Election issues

"The Comelec has a big task ahead of it."



With the conundrum over the West Philippine Sea on the frequent incursion of China in disputed waters, we can be sure that it will be one of the issues in the 2022 election.

This is a threat to the country’s well-being and national interest, and so the country’s future is in jeopardy.

President Duterte himself has admitted that despite what China is doing in the South China Sea, we cannot afford to go to war against China. This being the case, it would seem that Duterte has adopted a policy of accommodation and acquiescence.

In a series of surveys by the Social Weather Stations and Pulse Asia, it has been found out that the majority of Filipinos are aware of what’s been going on between China and Philippines. The sentiment has been generally against China.

There could be more issues that could come up in next year’s polls. The failure of the Duterte administration to eradicate the problem of illegal drugs, the continued scandals and corruption in government and likewise the failure of Duterte to stop criminality are issues that could be thrown against him. 

Recall that during his campaign, Duterte vowed to end illegal drugs and government corruption. And yet even in the middle of the COVID-19 pandemic, every day, there are reports of buy-bust operations of the police against the proliferation of illegal drugs nationwide. My gulay, where do you think these illegal drugs, mainly shabu, come from? China, and they are smuggled to the country through Customs, with the police killing those involved. Just how many people have been killed in Duterte’s war on illegal drugs is another thing.

Then, there’s this vicious cycle of government corruption. Duterte has made it worse by recycling his favorites. What happened to PhilHealth, and the pastillas scheme, and the anomalies in the distribution of cash through the Social Amelioration Program?

It seems that Duterte’s war on corruption is just lip service.

What is unfortunate is that the opposition remains divided.  


The Commission on Elections (Comelec) has started studying the implications of the COVID-19 pandemic on the 2022 elections and has begun a study on how voting would happen. 

Initially, according to the Comelec, there might be a need to extend voting hours which in pre-pandemic times should normally end at 5 o’clock in the afternoon. Initial reports say that voting hours may have to be extended for two to three hours.

It would also do well for the Comelec to find out ways and means of enabling the people to make national and local candidates to campaign face-to-face since it would be impossible for candidates to rally as they did in pre-pandemic times. Candidates must face the voters.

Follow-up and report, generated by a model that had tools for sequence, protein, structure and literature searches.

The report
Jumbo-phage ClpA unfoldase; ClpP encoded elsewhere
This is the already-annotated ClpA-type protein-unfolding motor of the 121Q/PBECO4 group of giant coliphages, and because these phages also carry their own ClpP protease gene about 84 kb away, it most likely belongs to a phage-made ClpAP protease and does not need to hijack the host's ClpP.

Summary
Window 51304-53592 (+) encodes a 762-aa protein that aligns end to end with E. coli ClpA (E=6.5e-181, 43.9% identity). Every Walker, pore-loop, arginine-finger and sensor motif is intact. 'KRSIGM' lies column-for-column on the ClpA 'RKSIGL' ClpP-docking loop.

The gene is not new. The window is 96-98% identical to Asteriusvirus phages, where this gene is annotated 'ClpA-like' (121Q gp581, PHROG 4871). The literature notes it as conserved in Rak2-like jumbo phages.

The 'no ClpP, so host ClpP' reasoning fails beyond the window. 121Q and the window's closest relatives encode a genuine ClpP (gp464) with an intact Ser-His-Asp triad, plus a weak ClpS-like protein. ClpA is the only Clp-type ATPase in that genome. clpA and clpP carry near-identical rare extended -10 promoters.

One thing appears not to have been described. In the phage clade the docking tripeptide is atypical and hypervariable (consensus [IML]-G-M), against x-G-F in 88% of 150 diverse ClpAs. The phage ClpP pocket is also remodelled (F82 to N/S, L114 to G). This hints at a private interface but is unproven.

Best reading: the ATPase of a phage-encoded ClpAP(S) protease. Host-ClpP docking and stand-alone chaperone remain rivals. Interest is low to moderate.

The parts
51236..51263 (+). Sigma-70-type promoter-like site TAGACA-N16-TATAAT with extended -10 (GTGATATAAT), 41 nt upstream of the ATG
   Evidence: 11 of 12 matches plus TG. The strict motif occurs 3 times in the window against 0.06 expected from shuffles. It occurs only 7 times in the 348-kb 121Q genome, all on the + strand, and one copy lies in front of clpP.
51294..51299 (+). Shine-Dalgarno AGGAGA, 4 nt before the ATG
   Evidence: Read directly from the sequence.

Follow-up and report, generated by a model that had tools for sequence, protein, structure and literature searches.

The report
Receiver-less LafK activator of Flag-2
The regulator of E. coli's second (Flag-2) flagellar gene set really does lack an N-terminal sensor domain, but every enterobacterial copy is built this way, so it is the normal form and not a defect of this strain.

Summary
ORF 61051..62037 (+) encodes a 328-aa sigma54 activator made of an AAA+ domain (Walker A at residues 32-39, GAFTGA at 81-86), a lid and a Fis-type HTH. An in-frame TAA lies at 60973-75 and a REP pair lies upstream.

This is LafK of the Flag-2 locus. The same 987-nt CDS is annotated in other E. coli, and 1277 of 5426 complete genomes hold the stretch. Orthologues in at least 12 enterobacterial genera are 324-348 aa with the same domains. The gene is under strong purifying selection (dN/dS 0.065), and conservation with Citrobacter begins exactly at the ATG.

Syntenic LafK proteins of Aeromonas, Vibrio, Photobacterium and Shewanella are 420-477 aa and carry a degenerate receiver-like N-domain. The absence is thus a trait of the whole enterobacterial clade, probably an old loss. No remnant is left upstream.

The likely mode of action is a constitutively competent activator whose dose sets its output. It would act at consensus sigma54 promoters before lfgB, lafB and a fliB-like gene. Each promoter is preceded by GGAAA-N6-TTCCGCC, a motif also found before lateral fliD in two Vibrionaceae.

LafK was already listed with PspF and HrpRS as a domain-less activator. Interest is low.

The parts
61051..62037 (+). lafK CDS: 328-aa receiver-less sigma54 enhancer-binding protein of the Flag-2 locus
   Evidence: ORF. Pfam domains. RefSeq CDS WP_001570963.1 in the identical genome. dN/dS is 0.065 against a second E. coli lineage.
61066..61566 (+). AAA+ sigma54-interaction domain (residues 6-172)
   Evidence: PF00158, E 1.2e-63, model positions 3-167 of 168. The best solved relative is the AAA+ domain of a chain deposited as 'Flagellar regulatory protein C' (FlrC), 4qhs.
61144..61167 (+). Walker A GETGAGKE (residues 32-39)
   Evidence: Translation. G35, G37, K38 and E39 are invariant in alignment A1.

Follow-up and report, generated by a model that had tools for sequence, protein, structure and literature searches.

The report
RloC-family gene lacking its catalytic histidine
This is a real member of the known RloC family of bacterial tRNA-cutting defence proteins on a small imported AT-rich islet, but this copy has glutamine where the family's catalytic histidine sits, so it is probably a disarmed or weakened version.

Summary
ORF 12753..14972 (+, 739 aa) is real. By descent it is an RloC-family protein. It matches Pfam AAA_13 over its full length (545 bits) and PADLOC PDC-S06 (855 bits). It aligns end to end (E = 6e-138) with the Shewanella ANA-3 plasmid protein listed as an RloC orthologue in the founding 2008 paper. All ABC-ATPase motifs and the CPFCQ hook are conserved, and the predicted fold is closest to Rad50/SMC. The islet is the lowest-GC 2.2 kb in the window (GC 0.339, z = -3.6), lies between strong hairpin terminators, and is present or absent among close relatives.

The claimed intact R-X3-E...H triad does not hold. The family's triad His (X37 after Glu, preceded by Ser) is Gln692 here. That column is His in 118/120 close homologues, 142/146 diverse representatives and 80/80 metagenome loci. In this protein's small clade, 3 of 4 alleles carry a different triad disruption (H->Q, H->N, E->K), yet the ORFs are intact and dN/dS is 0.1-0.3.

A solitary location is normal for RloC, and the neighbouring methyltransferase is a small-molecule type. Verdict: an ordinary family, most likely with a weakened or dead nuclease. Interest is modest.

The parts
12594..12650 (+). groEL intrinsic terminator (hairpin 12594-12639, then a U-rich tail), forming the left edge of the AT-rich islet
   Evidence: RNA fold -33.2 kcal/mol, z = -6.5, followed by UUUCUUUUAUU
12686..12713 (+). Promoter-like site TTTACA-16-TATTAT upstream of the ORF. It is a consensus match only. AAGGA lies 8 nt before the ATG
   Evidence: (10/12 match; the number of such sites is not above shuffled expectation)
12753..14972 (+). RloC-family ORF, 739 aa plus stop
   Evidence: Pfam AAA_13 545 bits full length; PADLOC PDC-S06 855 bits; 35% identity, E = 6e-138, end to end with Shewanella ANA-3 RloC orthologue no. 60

Campaigning would now have to be conducted virtually, but only in limited ways . This gives undue advantages to moneyed candidates. I can only imagine how much it would cost a national candidate to set up a virtual campaign through the Internet. Santa Banana, the cost would be tremendous. The use of radio and television would also go sky-high. Candidates will exceed the allowed level of expenses!

I have been told that some candidates are already trying to book radio and television time.

Another problem in campaigning is the need for candidates to hire jeepneys and buses early enough to ferry voters from areas kilometers far from the place of voting precincts. They are the “hakot” voters who normally wait to be transported to a place where they can eat and wait and then vote. That practice has a long history in Philippine elections.  Restrictions on transport will be a problem.

If you wonder that during voting time, some people just stand by around the precincts late in the afternoon before the precincts close. These are the people who wait to sell their votes to whoever will buy them.

Counting of ballots is another. I don’t know yet what method the Comelec will adopt. It’s crucial.

Those who cannot go to the precincts because they either live very far or are prohibited to leave home for some reason is another problem. Using the postal system is impossible.

Comelec should make the elections fair, peaceful and acceptable to the people.


Today, May 14, 2021 is my 66th wedding anniversary. I thank God that my wife at 89 and I at 93 have lived this long to mark and celebrate it. We are blessed.

We have to stay at home to celebrate it just by ourselves, together with my daughter who always has a knack of making things beautiful for just three persons. While my youngest son is living separately, I am sure he will drop by to greet us. My two other sons are in the United States, but I am certain they will call us.

My wife and I got married in Cotabato City at the city’s Church Cathedral with the late Oblate Bishop Gerard Mongeau officiating it. Santa Banana, would you believe, the whole town was invited to the reception because the family of my wife are well-known.

My wife and I honeymooned in Davao City at the Apo View Hotel, the best hotel at Davao City at the time. I had wanted to go to Baguio at the time, but I could not afford it. 

If you ask me how my wife lasted 66 years married, all I can say is it’s God’s will. God has always been the anchor of our marriage. This is how it should be for all marriages.

Topics: West Philippine Sea , China , Election , Commission on Elections , COMELEC , Social Weather Stations , Pulse Asia
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